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date: 21 November 2017

(p. xxi) List of Tables

(p. xxi) List of Tables

  1. Table 1.1. (r) Indices by social class and style in New York City 13

  2. Table 1.2. Negative concord in Detroit African American Vernacular English (AAVE) by gender and social class 14

  3. Table 1.3. -t/d deletion in Detroit African American English (percentages) 15

  4. Table 1.4. Constraints on variable subject personal pronoun expression in Spanish 17

  5. Table 1.5. Subject personal pronoun variation in Mexican-descent children 19

  6. Table 1.6. Hierarchies of constraints within the person variable: newcomers 20

  7. Table 1.7. Indexical markers: endpoints on the continua of norteña and sureña identity 20

  8. Table 7.1. Illustration of Implicit Association Test (IAT) to measure implicit associations between (ING) and intelligence 145

  9. Table 9.1. Comparisons of groups and individuals 180

  10. Table 9.2. Variable rule analysis of the linguistic constraints on be absence in three villages on Bequia 185

  11. Table 9.3. Overall distribution of existentials in Bequia, by village and speaker type (stay-at-home vs. urban sojourner) 189

  12. Table 9.4. Factors contributing to standard agreement with postverbal subjects in be existentials in Bequia 190

  13. Table 9.5. Factors contributing to verbal agreement with postverbal subjects in have/get existentials in Bequia 191

  14. Table 10.1. Example of a Latin square design with the languages A–D, stimuli 1–4, and test versions I–IV 199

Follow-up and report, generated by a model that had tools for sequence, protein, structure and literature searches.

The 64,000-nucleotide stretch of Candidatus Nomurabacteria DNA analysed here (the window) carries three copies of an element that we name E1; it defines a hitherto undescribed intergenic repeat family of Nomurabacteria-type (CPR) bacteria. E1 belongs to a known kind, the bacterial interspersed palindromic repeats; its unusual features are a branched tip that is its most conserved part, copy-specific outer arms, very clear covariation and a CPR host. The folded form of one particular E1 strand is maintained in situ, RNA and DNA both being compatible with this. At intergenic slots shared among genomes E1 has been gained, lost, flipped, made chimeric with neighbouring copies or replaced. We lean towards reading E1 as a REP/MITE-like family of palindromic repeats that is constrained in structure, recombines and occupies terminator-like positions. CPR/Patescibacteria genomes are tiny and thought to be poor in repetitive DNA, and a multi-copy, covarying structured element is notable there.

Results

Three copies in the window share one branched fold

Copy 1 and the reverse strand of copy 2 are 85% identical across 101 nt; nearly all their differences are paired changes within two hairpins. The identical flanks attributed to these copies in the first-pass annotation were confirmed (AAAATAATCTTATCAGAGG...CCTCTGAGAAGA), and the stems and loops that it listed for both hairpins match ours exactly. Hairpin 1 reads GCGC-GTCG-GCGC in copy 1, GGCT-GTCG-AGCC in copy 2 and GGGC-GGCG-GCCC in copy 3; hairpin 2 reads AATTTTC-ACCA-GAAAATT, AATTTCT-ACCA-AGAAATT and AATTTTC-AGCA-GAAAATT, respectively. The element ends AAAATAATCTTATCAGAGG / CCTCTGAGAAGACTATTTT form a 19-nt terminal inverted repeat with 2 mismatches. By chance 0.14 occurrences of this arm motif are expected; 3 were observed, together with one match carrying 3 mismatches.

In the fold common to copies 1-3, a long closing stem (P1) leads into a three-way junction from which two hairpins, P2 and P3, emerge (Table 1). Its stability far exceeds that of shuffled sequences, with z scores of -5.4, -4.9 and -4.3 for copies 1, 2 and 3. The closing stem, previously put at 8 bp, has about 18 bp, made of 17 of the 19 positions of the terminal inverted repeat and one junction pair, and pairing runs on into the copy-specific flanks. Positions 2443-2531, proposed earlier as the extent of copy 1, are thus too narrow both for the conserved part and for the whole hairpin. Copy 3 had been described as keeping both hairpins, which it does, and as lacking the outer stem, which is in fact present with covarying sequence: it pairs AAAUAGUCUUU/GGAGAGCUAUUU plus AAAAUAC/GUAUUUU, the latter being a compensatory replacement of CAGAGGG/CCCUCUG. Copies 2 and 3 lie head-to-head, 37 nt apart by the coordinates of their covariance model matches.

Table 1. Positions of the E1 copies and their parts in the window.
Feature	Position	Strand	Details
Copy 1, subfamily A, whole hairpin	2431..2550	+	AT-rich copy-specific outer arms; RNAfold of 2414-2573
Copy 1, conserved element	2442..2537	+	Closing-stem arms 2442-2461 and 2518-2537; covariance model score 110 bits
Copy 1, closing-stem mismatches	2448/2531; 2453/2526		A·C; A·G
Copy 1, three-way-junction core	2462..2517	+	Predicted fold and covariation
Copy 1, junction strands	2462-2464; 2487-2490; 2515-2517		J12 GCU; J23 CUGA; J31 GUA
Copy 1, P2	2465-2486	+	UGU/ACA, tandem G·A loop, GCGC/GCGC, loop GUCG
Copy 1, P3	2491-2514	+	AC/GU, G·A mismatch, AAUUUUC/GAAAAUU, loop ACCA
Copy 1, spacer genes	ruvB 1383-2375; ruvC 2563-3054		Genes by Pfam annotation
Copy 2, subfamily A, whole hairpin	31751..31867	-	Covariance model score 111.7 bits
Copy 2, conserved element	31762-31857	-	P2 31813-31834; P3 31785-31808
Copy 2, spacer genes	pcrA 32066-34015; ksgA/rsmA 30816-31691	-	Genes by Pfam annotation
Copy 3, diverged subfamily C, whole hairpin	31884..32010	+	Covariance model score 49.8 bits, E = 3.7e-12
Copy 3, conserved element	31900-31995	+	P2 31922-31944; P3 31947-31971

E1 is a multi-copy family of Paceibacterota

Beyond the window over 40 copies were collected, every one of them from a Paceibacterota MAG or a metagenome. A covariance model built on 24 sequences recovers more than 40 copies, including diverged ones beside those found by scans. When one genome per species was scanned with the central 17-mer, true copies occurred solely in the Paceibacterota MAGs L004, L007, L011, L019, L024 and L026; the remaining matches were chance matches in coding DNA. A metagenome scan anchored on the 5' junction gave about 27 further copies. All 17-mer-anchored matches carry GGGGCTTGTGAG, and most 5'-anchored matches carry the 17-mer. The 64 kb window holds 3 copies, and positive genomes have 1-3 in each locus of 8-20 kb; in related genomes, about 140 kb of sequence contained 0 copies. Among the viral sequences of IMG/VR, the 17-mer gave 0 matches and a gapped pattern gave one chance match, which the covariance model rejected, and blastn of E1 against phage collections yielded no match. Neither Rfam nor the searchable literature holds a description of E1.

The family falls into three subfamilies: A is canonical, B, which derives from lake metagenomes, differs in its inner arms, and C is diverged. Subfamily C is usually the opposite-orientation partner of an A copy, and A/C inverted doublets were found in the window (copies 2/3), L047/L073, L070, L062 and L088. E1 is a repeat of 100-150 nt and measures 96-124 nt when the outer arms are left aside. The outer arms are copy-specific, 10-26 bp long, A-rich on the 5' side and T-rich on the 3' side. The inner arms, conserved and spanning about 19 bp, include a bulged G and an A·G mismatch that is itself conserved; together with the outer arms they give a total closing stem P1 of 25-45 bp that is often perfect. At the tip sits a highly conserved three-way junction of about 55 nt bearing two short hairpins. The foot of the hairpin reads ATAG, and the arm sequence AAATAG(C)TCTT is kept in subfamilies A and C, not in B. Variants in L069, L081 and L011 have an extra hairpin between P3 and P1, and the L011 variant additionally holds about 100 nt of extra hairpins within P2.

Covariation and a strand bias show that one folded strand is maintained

15. Table 11.1. New York City department store (r) cross-tabulation, chi-square, and Fisher exact test 220

  16. Table 11.2. New York City department store (r) fixed-effects logistic regression 221

  17. Table 11.3. Polish English (ing) in London fixed-effects and mixed-effects logistic regression models for (ing) among Polish-English bilinguals 225

  18. Table 11.4. Gretna (r) unordered multinomial logistic regression 227 (p. xxii)

  19. Table 11.5. Waldorf /ay/-monophthongization ordered multinomial logistic regression 229

  20. Table 11.6. Austin LOT/THOUGHT F2 heteroscedastic mixed-effects regression 232

  21. Table 14.1. Summary of variables in different sign languages 288

  22. Table 16.1. Fishman’s (1991) Graded Intergeneration Disruption Scale 324

  23. Table 16.2. Common minority language use patterns among children 325

  24. Table 21.1. Language-specific vs. articles analyzing more than one language in three major journals 428

  25. Table 21.2. Languages examined in three major journals 429

  26. Table 22.1. Copular verb paradigm for Buckie English 453

  27. Table 22.2. The Buckie paradigm 455

  28. Table 23.1. Variable-rule analysis of factors contributing to choice of se-marked bajar-subir 455

  29. Table 23.2. VARBRUL weights for switch reference San Juan vs. Madrid 478

  30. Table 23.3. Null and pronominal triggers cross-tabulated with switch reference in San Juan and Madrid 478

  31. Table 24.1. Significance tests for adjacent age groups 491

  32. Table 24.2. Developmental trajectory for be like 493

  33. Table 24.3. Overall distributions of quotative verbs in five Outer Circle International Corpus of English (ICE) corpora 497

  34. Table 26.1. Canada’s official languages 534

  35. Table 30.1. Indigenous peoples, population and languages in Latin America 614

  36. Table 32.1. Successor states: history of incorporation into the Russian Empire and the USSR 653

  37. Table 32.2. Student distribution by language of instruction in (day) secondary schools in Soviet republics and successor states 660

  38. Table 32.3. Language maintenance and russification among titulars in the Soviet republics and successor states 662

  39. Table 38.1. Number of languages by continent having fewer than 10,000 and 1,000 speakers 780 (p. xxiii)